- Newfoundland and Labrador province in Canada had its healthcare IT systems shut down after a possible ransomware attack.
- The most affected are Eastern Health and many appointments have been cancelled.
- The entire healthcare system was shifted back to paper-based activity for the time being.
Canada's province of Newfoundland and Labrador saw its entire healthcare system taken down, possibly due to a cyberattack. The most badly affected is Eastern Health and the incident has led to the cancellation of appointments all over the state. Certain tests at Eastern Health will need rescheduling and COVID inquiries at Western Health are available only by the given toll-free number made public by the authorities.
Appointments for chemotherapy, X-rays, and surgeries are the most affected. Meanwhile, vaccinations and emergency services are running as usual. The province's healthcare system is temporarily switched back to paper as part of its contingency plan.
The administrative staff has recommended that COVID-19 test bookings can be done via clinic visits. They also speculate that medical staff may need to put in extra hours to cover for the increased work requirements.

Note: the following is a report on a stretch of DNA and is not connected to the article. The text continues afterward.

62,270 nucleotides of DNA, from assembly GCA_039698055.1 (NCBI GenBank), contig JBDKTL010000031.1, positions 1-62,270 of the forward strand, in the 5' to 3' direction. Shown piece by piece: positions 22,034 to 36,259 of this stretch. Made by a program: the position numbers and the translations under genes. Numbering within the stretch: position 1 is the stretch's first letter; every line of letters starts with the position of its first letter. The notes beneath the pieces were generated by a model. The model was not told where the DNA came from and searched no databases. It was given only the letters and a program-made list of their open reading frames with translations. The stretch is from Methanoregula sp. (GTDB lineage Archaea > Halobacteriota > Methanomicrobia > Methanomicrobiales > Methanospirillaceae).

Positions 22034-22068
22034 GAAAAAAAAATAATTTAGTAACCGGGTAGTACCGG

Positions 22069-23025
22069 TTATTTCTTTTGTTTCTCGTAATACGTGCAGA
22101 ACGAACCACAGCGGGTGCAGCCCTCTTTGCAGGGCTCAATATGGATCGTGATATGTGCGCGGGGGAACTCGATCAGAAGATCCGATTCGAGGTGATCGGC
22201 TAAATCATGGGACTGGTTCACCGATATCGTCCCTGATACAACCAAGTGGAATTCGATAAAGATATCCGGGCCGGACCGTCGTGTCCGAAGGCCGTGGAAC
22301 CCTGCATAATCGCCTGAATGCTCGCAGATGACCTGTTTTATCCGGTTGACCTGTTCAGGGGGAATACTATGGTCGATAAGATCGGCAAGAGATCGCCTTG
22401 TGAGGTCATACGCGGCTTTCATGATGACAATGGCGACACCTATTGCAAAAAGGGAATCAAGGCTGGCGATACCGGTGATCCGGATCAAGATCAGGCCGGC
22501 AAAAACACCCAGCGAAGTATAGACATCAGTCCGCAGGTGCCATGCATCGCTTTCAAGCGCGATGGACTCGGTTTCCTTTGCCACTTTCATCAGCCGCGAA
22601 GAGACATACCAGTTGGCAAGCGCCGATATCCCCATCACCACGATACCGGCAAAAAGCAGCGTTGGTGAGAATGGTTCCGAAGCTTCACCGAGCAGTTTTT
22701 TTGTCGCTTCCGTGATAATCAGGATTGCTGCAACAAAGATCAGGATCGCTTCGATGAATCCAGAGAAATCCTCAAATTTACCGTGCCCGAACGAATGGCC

Meanwhile, Newfoundland and Labrador Centre for Health Information, which handles electronic health records among others, and telco Bell Aliant are working on fixing the issue, but there's no prediction for when things could go back to normal. "They are hoping for days, but we just have to bear in mind that that's a hope, and continue to work on mitigation from the front-line point of view, to deal with the impacts on patient care," said Health Minister John Haggie Monday morning.
"We may have been victims of a possible cyberattack by a third party," he added. Sources told CBC News the attack was ransomware, but this information was not confirmed as of yet.
According to cybersecurity researchers, this might have been a ransomware attack that is quite virulent. IT experts will be looking into covering for the security loopholes to prevent any future breaches. The effect of the attack is widespread and authorities are still investigating its true extent.
The last attack aimed at healthcare was seen last month when the Singapore servers of a Fullerton Health services vendor were hacked in early October, with the sensitive data of 400,000 people, as well as insurance policy details, ending up for sale on Darkweb forums.